Managing Global Supply Chains in a Post-COVID-19 World—Current Challenge or Future Opportunity?
The COVID-19 pandemic has created unprecedented challenges for businesses. As they struggle to remain profitable, they also face the imperative of becoming more sustainable and preventing exploitation within their operations, including in their supply chains.
The pandemic has highlighted existing inequalities within the global economy and seen increased calls to strengthen legislation holding even small businesses to account for supply chain compliance.
Current legislation in the UK requires business with an annual turnover of £36 million to submit a statement outlining the steps they take to prevent modern slavery in their supply chains. Industry groups and businesses, including ASOS, have called on the UK government to introduce tighter legislation to hold businesses and leaders to account if they fail to do enough to stop human rights abuses, and while the UK government has announced measures to strengthen the Modern Slavery Act, other countries are already going further. The underlying issues remain global, and across all sectors of commerce and industry.The discussion will address both the challenges and the opportunities for business in managing their global supply chains in the wake of the COVID-19 pandemic, including:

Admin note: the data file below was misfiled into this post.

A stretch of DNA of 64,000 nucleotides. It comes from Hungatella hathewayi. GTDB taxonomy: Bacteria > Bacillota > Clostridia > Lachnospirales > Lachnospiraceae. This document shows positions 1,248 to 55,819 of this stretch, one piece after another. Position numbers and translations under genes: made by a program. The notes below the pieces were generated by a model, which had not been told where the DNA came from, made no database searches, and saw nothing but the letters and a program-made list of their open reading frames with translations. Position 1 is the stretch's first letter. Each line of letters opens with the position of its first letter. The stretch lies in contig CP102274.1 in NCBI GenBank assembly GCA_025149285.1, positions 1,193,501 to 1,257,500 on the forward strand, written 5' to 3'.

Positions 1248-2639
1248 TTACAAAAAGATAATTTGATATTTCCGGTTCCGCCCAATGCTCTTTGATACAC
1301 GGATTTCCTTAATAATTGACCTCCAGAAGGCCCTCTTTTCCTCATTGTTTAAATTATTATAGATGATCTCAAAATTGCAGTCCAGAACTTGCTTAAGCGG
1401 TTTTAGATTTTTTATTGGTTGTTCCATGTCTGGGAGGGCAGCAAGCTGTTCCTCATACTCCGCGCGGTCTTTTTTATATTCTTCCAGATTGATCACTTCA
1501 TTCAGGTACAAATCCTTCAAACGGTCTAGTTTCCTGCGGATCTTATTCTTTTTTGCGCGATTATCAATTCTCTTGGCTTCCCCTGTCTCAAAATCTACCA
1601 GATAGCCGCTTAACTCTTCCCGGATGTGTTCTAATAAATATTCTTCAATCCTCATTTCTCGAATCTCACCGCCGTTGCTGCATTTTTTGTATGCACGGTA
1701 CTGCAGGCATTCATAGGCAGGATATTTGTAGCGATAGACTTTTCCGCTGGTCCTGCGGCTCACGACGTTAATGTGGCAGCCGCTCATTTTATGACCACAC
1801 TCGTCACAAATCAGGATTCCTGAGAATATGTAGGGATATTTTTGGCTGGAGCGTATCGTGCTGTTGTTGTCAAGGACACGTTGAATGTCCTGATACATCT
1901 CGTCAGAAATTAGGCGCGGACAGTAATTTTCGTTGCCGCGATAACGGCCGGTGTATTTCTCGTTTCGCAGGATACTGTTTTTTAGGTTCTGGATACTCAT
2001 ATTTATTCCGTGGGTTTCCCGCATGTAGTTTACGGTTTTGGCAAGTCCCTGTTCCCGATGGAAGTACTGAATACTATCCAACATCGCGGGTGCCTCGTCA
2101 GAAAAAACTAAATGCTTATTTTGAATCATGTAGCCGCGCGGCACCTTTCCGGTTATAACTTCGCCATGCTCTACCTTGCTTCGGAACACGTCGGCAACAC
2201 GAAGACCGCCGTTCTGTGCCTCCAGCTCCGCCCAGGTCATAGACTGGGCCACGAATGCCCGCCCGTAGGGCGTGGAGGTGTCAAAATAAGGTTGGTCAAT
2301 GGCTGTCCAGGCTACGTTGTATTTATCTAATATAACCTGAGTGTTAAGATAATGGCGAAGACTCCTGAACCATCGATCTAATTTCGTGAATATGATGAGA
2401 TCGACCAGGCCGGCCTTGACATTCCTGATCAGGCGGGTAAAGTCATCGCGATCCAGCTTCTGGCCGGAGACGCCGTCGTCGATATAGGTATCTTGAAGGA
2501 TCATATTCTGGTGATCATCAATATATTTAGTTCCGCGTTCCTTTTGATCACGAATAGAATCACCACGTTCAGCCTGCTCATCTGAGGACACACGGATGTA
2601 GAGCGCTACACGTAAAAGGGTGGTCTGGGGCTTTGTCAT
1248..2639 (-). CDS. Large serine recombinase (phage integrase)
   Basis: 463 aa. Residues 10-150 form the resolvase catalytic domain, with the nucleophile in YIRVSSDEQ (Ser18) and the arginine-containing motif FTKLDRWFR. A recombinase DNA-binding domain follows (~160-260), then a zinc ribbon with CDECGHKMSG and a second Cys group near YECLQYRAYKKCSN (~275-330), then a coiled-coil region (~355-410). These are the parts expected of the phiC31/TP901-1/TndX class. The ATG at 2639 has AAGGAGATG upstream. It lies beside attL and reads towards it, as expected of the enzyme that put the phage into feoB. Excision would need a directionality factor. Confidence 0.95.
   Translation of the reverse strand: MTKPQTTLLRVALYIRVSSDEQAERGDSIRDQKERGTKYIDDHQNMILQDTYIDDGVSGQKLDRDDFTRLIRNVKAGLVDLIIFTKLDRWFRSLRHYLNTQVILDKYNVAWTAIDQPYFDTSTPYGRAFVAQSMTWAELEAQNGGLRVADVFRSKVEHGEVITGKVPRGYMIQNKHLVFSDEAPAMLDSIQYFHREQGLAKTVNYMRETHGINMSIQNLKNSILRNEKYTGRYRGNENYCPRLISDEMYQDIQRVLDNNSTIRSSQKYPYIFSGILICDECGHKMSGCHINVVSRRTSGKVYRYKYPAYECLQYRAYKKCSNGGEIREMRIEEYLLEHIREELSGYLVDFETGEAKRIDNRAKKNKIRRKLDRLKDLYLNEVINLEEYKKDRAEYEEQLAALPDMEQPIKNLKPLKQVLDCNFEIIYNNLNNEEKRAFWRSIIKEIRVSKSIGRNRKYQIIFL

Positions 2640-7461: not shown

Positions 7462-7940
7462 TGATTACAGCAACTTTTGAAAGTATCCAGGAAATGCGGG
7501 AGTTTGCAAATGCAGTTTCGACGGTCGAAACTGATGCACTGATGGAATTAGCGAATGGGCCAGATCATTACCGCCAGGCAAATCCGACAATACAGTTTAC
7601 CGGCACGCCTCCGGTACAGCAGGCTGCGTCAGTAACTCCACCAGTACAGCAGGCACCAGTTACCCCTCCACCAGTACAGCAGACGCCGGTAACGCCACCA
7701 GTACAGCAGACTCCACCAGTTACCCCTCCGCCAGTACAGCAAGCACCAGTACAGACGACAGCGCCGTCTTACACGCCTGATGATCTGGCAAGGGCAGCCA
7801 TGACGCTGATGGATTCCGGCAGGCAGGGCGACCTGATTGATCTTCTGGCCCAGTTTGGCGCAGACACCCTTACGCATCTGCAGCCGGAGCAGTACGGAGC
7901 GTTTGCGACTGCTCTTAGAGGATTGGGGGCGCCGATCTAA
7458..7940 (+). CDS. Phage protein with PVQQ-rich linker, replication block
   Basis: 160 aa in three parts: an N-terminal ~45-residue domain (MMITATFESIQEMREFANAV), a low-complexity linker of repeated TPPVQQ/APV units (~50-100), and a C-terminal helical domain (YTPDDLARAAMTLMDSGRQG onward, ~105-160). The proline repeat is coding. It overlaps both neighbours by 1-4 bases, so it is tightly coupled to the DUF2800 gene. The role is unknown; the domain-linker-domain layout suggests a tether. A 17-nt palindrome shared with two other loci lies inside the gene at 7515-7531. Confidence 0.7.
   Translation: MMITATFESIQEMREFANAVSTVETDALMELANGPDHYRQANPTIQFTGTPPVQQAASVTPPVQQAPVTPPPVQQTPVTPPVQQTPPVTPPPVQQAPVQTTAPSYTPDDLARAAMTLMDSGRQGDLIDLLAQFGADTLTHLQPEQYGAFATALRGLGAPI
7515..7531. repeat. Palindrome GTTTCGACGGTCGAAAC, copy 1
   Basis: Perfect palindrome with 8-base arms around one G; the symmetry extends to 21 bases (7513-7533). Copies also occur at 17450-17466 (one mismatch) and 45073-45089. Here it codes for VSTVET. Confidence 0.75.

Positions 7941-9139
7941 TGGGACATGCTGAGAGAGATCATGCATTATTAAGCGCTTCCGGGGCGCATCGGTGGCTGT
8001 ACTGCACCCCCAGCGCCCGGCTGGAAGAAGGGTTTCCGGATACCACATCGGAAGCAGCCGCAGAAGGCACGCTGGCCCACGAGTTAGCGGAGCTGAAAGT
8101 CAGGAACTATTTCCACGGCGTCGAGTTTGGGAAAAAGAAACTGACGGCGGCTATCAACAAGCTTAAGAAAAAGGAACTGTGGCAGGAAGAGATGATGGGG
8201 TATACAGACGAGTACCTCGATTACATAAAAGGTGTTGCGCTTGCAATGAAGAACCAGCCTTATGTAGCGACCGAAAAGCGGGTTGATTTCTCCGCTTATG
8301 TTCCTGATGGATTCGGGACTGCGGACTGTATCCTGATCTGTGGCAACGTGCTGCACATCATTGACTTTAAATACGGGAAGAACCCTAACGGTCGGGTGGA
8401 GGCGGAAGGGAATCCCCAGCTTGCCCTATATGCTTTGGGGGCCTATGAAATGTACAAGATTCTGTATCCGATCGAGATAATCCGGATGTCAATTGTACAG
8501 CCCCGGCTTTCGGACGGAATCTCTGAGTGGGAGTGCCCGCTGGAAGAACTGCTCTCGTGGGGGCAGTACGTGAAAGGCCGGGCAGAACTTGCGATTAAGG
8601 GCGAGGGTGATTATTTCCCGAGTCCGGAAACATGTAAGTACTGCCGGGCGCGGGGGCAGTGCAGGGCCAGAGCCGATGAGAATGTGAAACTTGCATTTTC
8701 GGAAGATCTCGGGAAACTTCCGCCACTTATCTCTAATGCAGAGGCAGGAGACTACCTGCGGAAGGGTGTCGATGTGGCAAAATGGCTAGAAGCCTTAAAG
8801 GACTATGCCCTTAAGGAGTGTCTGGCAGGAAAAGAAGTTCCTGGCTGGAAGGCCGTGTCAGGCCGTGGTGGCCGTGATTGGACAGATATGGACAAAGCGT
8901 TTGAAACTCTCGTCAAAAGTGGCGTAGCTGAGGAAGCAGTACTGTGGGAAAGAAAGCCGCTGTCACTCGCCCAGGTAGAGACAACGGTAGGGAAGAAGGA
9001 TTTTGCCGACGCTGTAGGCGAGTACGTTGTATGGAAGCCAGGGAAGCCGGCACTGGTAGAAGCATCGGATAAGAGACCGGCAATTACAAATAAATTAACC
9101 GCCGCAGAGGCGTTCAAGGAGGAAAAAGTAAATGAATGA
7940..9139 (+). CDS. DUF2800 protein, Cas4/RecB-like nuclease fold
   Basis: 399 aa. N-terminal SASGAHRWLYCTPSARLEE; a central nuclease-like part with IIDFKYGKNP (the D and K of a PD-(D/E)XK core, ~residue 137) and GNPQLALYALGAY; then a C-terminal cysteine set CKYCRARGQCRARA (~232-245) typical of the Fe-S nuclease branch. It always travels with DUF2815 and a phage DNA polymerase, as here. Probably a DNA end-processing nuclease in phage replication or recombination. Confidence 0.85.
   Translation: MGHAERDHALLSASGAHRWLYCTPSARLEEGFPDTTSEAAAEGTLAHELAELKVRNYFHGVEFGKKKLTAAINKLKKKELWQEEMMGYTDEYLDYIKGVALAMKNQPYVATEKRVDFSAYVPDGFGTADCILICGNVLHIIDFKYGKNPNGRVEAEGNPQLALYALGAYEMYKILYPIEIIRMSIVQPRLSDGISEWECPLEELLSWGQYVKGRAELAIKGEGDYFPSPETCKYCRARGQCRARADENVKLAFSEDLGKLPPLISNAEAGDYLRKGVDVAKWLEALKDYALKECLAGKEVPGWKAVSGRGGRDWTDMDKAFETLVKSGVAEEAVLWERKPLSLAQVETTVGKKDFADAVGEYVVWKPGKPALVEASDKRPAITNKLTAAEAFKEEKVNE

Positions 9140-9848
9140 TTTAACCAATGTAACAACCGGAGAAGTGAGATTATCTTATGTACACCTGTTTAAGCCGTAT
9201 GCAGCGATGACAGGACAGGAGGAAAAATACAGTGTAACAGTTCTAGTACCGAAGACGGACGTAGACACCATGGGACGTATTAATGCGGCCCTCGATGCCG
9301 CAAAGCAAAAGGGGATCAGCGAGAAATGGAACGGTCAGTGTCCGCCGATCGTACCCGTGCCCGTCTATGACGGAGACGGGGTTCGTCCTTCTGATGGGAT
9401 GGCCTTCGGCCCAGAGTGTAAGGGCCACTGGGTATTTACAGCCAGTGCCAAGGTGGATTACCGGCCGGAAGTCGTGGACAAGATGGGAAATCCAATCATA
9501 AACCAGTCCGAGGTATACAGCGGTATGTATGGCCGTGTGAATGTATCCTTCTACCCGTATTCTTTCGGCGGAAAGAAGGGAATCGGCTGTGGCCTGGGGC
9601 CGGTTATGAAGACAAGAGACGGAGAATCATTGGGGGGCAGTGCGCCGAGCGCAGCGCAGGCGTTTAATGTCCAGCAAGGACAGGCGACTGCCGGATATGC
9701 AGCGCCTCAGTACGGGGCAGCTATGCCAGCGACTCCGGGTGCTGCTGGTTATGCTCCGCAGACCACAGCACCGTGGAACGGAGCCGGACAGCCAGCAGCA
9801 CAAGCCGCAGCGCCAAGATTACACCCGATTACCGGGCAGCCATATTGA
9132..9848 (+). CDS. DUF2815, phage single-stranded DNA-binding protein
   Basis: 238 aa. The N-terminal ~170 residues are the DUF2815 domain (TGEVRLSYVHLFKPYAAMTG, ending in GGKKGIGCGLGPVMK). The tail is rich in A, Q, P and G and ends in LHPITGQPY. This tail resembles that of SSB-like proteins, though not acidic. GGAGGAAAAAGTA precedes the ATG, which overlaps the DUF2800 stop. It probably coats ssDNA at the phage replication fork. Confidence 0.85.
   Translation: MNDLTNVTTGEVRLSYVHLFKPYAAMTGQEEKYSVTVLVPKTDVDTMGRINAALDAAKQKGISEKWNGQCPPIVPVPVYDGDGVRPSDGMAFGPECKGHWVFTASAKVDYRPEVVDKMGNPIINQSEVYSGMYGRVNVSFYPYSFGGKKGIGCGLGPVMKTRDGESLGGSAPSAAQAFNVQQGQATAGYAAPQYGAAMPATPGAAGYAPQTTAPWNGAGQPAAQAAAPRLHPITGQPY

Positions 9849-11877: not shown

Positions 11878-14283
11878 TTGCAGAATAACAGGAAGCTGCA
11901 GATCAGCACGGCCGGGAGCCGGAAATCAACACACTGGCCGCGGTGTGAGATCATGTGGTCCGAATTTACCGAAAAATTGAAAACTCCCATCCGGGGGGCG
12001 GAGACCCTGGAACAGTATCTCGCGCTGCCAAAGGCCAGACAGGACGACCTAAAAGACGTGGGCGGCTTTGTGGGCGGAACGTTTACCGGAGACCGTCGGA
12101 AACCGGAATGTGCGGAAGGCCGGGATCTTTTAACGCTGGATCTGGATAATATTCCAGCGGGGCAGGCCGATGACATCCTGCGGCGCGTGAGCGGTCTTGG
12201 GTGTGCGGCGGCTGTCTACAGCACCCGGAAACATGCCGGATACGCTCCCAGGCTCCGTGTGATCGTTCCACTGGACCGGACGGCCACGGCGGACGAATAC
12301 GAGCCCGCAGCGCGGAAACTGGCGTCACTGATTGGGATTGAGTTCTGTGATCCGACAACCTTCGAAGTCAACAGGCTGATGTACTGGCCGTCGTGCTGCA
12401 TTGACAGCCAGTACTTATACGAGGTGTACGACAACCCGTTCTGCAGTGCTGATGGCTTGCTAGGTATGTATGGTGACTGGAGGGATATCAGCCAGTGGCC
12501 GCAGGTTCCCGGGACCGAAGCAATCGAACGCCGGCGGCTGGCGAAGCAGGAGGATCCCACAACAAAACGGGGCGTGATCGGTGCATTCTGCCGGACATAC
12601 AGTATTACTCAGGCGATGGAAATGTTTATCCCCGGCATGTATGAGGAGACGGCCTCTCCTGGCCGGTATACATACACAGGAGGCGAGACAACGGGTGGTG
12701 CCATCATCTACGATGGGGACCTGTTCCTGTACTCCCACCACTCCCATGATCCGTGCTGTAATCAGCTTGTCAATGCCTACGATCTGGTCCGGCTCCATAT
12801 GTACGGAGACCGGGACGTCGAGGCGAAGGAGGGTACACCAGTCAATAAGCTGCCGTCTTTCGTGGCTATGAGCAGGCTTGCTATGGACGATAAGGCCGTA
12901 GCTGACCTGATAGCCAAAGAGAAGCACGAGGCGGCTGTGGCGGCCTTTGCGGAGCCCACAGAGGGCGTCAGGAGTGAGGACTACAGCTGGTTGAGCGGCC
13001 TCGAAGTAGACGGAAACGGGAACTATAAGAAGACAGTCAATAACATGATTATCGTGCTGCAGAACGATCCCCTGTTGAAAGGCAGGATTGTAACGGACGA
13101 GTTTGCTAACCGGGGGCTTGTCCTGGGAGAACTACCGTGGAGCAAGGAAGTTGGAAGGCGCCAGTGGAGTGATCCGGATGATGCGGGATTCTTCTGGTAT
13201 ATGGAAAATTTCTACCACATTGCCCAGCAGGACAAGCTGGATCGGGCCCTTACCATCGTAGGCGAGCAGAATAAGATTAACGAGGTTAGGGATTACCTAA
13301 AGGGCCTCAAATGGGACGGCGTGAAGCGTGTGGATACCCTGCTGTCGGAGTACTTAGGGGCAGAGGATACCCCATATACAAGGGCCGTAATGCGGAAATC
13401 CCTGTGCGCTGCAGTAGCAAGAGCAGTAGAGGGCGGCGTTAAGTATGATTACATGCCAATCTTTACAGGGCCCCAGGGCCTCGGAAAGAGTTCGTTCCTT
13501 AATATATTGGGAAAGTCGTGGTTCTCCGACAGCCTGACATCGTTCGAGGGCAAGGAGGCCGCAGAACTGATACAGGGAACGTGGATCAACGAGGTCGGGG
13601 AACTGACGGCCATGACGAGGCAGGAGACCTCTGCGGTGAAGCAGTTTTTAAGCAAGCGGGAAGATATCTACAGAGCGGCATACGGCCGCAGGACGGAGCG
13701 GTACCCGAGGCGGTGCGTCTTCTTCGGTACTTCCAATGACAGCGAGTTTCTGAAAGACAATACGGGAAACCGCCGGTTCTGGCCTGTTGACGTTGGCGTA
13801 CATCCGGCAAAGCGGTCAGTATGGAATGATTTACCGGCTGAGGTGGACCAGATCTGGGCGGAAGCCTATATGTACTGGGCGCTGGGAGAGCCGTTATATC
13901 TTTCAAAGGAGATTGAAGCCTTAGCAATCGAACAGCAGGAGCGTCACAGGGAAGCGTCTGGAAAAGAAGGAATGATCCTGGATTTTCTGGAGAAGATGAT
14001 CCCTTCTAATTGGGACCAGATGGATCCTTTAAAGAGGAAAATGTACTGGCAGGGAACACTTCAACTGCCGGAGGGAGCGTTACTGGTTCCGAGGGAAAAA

- What are businesses' responsibilities to prevent exploitation in their value chains?
- How do companies ensure sustainability and support human rights within their supply chains while remaining accessible to customers and providing value for money?
- Do we need a global playing field (and then a levelling of that playing field) to make real progress?
- What are the potential regulatory options beyond mere disclosure requirements?
- Does technology add complexity to supply chains or create solutions?
Harriet Territt, partner, Jones Day
Nick Beighton – CEO, ASOS
Baroness Lola Young, Co-Chair of the All-Party Parliamentary Group on Ethics and Sustainability in Fashion